Looks like Goodyear Tire & Rubber (NYSE:GT) ran over a nail.

While the stock has had its ups and downs since this recovery began in early 2003, 2005 ended on a high note. And, well, that high note's a bit off-key now: The company preannounced lower earnings for the fourth quarter, and Thursday's release of the actual report hasn't done much to improve the Street's mood.

Revenue in the fourth quarter rose about 2% on a nearly 1% increase in units sold. Unfortunately, raw-material prices continue to head higher (up 13% this quarter), and that took the air out of the gross and operating margins. In all, operating earnings fell more than 2% -- not exactly what anybody wanted to hear.

Only two of the company's reporting segments produced growth at the segment operating profit level -- North American tires and Asia-Pacific tires. In the case of North America, at least, weak new-car sales from the Ford (NYSE:F), General Motors (NYSE:GM), and DaimlerChrysler (NYSE:DCX) triumvirate has been at least somewhat offset by strong demand for off-highway tires.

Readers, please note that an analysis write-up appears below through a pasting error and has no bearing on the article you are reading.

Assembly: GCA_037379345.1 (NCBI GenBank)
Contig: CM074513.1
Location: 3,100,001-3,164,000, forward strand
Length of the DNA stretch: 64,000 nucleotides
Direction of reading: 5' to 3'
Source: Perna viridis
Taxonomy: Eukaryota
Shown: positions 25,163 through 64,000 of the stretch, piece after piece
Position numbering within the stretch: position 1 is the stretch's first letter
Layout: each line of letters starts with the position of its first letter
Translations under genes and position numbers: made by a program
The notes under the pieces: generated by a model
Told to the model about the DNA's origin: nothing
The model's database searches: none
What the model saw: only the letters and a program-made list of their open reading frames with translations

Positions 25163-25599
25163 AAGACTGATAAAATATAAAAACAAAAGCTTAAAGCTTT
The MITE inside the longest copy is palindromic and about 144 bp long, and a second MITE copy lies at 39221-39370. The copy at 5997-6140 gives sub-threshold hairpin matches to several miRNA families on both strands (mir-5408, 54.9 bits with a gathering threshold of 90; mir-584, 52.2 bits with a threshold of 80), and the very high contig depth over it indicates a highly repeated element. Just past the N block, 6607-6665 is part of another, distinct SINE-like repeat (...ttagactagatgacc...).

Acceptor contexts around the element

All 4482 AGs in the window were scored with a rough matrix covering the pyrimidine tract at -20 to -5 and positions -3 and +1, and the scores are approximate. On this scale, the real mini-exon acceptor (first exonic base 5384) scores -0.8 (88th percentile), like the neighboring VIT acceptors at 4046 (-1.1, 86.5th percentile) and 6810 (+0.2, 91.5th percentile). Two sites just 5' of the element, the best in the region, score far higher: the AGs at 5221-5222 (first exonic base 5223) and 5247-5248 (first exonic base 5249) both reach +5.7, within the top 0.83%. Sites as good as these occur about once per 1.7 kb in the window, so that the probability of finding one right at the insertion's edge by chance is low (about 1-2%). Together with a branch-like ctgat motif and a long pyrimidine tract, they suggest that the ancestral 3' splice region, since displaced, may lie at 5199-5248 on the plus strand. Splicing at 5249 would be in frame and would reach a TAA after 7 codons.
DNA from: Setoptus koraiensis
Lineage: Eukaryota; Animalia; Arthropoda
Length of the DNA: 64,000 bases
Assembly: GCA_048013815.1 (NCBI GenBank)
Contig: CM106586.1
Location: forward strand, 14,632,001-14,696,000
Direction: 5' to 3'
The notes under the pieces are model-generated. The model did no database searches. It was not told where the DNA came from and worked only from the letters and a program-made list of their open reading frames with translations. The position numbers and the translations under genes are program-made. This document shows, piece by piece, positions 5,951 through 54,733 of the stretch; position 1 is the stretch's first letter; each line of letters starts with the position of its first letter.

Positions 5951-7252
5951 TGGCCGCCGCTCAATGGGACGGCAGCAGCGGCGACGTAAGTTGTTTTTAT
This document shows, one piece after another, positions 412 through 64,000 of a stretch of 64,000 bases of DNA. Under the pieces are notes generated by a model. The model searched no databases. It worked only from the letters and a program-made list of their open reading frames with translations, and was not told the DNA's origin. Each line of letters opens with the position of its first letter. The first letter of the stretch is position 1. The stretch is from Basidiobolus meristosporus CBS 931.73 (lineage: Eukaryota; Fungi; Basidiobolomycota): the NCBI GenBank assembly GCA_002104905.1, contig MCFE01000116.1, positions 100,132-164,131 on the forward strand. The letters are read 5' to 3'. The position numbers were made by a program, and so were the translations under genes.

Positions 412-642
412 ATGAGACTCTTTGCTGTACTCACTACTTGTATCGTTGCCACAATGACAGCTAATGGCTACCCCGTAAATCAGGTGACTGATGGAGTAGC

Unfortunately, Goodyear has had to contend with the same kinds of cost inflation that seem to have been affecting everyone who relies upon commodity inputs. In the case of Goodyear, they've had to deal with higher prices for commodities like rubber, carbon black, and natural gas -- although the latter appears to be easing off these days.

In short, this is tough stock to get excited about. Margins and returns on capital are pretty meager across the industry (and that applies to rival Cooper Tire & Rubber (NYSE:CTB) as well), and there's intense competition from overseas players like Michelin and Bridgestone. Still, I suppose there could still be value here for those who believe that commodity prices will decline and that off-road tire demand will stay strong for the foreseeable future.

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Fool contributor Stephen Simpson has no financial interest in any stocks mentioned (that means he's neither long nor short the shares).